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Demand already falling in Wales’ seaside towns ahead of Welsh Government crackdown on second homes

15 Jun 2022 2 minutes Read
Porthcawl. Picture by Roger Davies (CC BY-SA 2.0).

Demand is already falling in many of Wales’ seaside towns ahead of a crackdown on second homes by the Welsh Government, estate agents have said.

Seaside towns such as Prestatyn, Porthcawl and Abergele have seen falls of between -37% and -32% in buyer competition in the year to May, which are among the largest falls in the UK nations.

The figures compiled by Rightmove measured competition by comparing inquiry levels with the number of available properties in an area. A fall in buyer competition generally presages falling or stagnant house prices.

“As more choice becomes available in these seaside areas, we’re seeing some of the competition between buyers and renters begin to cool off,” Tim Bannister, of Rightmove, said.

The Welsh Government confirmed last month that they would carry on with plans for tax hikes on holiday lets that do not rent out their properties for more than half the year.

Following a consultation, from April local authorities will be able to set council tax premiums on second homes and long-term empty properties to 300% from April 2023.

The criteria for self-catering accommodation being liable for business rates instead of council tax will also change at the same time, from 70 to 182 days.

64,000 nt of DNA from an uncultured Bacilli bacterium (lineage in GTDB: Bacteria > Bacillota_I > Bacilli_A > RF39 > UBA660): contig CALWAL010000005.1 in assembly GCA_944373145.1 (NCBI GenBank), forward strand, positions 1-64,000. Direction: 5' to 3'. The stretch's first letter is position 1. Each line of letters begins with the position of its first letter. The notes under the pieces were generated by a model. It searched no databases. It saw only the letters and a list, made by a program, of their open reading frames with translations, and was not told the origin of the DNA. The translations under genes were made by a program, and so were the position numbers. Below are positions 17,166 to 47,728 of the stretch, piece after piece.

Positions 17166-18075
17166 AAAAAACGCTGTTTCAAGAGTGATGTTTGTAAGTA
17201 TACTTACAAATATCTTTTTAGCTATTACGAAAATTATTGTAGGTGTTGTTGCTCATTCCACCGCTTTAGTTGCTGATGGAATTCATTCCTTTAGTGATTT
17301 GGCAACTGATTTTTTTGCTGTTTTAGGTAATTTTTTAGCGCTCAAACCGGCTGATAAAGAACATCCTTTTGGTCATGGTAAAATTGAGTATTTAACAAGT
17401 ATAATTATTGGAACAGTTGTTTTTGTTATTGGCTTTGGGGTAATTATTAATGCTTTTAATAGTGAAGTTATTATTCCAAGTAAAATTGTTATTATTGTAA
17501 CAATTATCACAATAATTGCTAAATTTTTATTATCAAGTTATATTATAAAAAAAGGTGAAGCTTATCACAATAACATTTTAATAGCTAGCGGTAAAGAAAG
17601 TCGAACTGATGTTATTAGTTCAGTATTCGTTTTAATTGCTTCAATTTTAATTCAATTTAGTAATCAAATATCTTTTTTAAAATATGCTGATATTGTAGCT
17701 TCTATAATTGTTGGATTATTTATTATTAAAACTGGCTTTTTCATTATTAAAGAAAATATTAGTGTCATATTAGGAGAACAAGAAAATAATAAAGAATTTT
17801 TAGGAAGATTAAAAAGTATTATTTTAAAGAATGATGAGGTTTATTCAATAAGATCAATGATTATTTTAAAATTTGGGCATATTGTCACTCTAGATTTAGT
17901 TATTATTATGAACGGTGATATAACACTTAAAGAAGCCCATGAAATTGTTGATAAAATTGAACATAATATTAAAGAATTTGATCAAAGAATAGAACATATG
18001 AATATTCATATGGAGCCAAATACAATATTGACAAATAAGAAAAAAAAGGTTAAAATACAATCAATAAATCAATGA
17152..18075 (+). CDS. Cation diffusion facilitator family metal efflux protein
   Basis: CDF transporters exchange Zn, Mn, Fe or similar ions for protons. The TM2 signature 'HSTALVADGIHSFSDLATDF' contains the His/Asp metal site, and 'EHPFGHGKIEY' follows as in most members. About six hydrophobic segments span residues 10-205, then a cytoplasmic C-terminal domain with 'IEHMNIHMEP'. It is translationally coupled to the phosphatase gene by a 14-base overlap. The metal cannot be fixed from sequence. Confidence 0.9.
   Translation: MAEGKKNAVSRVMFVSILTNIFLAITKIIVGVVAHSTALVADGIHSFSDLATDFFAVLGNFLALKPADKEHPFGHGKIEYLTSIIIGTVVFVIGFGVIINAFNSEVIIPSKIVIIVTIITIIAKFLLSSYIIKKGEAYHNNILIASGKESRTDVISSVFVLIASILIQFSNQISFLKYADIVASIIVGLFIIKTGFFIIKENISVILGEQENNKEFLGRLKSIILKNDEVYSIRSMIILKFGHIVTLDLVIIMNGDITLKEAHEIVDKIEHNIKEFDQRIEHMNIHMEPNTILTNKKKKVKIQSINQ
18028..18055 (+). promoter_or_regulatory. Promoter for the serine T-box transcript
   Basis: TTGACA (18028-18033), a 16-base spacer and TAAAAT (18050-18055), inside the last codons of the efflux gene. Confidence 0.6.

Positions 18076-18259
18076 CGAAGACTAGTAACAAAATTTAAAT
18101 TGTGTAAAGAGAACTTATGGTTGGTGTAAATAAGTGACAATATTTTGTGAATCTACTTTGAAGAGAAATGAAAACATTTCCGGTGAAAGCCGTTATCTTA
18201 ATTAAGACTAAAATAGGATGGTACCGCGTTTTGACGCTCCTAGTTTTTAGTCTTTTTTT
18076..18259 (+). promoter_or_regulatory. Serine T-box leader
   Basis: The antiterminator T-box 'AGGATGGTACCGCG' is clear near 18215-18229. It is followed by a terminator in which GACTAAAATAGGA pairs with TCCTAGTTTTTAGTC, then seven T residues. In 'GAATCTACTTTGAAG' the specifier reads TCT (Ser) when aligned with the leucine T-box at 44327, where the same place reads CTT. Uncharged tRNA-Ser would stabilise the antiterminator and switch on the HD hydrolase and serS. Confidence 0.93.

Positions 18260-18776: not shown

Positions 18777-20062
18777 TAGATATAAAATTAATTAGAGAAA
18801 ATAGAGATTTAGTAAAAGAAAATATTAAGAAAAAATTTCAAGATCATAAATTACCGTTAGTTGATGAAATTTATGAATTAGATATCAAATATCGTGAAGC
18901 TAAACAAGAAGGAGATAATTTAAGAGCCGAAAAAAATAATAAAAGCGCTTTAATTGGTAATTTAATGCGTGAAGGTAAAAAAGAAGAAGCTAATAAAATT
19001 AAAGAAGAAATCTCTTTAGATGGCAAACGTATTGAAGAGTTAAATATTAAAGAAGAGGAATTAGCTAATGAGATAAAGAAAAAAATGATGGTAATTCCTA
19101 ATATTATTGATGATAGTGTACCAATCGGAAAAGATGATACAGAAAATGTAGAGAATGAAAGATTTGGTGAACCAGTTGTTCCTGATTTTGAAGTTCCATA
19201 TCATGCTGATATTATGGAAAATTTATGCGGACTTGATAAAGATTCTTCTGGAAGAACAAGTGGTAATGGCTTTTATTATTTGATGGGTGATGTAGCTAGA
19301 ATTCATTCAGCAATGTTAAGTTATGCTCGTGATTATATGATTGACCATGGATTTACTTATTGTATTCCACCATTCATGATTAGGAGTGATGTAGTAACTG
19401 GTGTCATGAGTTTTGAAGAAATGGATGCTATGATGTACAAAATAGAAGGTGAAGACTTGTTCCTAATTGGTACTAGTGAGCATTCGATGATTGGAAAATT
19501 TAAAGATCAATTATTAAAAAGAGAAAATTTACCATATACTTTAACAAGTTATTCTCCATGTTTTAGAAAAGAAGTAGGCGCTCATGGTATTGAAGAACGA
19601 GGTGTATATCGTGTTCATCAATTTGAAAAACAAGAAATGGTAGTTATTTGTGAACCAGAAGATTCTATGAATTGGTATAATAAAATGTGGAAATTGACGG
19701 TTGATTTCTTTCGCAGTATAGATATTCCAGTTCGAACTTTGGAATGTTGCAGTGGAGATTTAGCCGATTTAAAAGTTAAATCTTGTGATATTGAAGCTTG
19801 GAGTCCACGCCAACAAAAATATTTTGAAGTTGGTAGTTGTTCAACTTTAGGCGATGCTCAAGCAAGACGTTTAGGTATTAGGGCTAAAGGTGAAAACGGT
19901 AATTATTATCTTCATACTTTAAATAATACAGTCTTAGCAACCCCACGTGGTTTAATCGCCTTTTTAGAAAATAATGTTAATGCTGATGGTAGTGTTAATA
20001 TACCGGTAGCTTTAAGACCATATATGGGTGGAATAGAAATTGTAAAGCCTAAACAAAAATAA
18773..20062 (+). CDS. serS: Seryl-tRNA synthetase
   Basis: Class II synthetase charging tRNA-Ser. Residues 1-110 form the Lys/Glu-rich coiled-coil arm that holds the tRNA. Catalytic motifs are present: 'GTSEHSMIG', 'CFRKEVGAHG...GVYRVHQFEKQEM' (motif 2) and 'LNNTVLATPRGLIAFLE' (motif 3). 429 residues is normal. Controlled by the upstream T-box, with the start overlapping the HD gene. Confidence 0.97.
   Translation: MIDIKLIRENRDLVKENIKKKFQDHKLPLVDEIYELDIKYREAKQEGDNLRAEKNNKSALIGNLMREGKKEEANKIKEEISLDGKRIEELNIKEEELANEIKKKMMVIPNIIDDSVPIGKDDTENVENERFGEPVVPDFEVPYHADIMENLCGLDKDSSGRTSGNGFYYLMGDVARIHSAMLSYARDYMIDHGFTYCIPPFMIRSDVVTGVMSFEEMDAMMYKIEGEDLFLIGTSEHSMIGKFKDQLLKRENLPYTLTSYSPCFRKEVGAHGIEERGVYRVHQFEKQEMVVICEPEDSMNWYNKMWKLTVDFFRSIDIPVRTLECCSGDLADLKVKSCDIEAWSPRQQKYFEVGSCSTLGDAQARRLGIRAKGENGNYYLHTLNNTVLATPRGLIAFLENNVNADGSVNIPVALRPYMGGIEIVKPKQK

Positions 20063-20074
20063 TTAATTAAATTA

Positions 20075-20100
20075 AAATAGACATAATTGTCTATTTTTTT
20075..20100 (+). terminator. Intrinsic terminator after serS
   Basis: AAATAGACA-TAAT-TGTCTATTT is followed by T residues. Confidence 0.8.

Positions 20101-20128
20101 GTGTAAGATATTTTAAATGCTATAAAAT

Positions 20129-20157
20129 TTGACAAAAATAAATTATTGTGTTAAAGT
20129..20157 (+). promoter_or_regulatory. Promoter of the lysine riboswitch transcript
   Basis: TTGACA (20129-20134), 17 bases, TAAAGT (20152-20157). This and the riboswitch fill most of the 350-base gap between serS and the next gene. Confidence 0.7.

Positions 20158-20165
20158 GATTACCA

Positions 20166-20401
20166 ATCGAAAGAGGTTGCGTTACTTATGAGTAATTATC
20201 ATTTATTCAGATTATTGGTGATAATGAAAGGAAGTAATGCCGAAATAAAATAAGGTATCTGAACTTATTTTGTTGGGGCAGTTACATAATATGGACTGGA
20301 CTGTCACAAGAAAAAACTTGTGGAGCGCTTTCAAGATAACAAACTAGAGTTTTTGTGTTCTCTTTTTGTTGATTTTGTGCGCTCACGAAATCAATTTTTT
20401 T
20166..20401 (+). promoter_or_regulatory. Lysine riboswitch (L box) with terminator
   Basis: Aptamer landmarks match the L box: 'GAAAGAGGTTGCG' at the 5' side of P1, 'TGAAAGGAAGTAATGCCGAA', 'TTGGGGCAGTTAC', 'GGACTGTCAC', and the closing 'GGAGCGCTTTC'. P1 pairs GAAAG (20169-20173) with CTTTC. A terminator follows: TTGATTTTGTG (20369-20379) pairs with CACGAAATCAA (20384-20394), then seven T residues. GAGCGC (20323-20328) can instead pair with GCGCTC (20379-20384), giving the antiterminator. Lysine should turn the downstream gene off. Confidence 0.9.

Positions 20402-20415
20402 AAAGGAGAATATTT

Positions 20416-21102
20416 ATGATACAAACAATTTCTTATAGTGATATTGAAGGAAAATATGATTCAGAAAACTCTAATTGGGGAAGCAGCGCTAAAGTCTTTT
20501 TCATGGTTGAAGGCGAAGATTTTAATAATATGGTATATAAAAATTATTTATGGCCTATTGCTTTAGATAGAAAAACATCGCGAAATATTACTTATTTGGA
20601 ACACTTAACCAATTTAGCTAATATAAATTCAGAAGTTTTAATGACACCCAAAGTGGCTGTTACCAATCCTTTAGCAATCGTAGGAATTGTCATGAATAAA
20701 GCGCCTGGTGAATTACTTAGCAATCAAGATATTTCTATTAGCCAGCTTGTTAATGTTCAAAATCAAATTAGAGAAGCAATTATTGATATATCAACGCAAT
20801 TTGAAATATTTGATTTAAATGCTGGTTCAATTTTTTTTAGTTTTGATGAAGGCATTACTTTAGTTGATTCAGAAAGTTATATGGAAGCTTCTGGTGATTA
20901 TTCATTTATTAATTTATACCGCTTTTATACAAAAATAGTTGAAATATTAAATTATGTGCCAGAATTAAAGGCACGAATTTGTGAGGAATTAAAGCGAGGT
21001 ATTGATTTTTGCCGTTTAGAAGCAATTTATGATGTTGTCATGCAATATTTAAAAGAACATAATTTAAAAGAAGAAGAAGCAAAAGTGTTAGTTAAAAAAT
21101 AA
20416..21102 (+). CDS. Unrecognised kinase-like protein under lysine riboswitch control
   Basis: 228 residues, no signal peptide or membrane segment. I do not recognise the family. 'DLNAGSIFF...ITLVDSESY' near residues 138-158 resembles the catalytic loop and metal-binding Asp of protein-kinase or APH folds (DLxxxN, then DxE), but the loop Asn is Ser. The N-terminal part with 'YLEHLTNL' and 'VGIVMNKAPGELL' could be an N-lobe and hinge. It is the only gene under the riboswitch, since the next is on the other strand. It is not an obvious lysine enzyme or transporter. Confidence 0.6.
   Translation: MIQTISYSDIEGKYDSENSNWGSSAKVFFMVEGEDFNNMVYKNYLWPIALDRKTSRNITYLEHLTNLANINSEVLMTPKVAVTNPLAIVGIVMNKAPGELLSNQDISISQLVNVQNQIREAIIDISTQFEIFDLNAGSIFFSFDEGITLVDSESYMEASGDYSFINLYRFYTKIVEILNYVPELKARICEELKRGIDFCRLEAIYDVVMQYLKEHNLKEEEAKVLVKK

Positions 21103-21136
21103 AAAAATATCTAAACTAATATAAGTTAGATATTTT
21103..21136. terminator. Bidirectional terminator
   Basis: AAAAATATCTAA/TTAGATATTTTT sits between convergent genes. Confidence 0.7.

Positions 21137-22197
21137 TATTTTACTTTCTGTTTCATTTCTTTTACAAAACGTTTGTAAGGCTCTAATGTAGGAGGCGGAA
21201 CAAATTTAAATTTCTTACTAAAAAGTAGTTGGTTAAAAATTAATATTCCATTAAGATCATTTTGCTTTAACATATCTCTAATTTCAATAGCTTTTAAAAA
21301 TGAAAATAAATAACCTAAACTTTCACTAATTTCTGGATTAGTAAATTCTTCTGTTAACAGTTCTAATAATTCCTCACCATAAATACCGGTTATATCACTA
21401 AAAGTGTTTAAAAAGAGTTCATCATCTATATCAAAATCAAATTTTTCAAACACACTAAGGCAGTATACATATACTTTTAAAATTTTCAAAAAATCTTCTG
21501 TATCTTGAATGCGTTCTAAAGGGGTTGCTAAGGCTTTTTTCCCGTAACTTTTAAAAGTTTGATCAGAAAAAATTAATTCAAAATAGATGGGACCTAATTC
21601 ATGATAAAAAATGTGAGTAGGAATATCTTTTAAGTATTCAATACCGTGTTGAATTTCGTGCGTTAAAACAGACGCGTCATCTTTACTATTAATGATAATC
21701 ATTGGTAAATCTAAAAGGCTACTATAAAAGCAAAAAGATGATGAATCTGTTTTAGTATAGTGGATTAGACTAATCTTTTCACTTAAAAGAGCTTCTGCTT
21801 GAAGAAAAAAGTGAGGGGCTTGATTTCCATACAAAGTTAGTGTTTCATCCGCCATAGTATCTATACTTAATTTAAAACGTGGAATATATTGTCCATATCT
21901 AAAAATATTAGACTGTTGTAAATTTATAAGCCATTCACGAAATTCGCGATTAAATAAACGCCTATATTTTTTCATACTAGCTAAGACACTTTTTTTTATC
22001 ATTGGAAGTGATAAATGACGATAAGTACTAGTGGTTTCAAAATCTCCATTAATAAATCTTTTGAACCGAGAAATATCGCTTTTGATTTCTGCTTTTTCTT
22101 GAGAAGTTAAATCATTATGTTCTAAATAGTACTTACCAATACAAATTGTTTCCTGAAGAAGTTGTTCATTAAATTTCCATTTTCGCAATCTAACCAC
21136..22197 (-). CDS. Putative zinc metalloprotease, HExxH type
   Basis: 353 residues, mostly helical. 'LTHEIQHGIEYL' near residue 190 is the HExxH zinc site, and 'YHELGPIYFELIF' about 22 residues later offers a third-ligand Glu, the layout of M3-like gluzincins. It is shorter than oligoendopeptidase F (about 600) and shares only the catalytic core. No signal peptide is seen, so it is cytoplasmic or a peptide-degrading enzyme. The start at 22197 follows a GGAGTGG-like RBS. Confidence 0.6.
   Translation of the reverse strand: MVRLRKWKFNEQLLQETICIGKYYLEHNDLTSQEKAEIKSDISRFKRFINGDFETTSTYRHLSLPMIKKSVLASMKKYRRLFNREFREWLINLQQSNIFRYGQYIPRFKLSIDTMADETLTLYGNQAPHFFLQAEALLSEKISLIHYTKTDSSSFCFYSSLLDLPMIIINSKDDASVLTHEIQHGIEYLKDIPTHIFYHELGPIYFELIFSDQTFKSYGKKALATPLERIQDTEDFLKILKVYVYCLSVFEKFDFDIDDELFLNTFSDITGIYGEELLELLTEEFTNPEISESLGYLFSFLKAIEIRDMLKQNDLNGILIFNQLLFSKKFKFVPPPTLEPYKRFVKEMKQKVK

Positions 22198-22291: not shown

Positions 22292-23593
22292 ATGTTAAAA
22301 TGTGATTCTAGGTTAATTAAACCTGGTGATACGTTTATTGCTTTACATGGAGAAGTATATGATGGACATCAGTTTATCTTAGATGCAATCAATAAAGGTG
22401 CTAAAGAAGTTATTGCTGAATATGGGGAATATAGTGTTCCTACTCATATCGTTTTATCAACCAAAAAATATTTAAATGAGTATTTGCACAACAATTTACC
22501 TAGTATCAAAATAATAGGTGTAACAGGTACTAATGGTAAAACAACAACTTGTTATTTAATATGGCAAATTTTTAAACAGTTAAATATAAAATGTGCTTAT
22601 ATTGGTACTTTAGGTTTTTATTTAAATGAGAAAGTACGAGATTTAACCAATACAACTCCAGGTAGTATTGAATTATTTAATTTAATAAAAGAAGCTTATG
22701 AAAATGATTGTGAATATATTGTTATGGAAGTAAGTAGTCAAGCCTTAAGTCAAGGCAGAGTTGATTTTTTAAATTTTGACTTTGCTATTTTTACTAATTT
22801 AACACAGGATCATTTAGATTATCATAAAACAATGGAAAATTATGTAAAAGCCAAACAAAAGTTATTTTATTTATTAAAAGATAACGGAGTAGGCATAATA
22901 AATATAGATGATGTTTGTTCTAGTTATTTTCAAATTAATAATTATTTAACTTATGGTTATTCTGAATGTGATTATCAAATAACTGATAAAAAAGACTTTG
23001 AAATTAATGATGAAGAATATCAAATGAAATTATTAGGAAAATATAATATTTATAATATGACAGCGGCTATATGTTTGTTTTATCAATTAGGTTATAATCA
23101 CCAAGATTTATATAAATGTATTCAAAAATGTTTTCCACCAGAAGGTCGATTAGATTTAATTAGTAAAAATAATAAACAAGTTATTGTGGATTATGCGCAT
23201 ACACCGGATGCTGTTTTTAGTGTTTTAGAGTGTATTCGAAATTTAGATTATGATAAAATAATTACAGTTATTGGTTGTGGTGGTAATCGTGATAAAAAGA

England’s Housing secretary Michael Gove has announced plans to let councils charge double council tax on second homes that are not used or let out for 70 days a year.

And yesterday, the English town of Whitby voted by 95% to stop people buying new properties as second homes there.

Seaside towns in England also saw a fall in demand, particularly in the south west where there have been tensions between residents and second home owners.

The largest fall in the UK nations was seen in Ilfracombe, Devon where buyer competition fell -64%.


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Wrexhamian
Wrexhamian
21 days ago

This is a positive turn of events, of a kind that unfortunately is all to rare in contemporary Wales. The Welsh Government still have a lot to do to solve this crisis, however, while county councils could introduce a cap on the number of holiday homes and air-B&B’s in their county.

Gerallt
Gerallt
21 days ago
Reply to  Wrexhamian

Why does anyone want a second home in Wales or anywhere else escapes me. Holidays in hotels offer so much better value and variety.

Gerallt
Gerallt
21 days ago
Reply to  Gerallt

Having said that I cannot understand why anyone takes a holiday in the UK.

Gerallt
Gerallt
21 days ago
Reply to  Gerallt

Holidays in the UK are far too expensive

Steve George
Steve George
21 days ago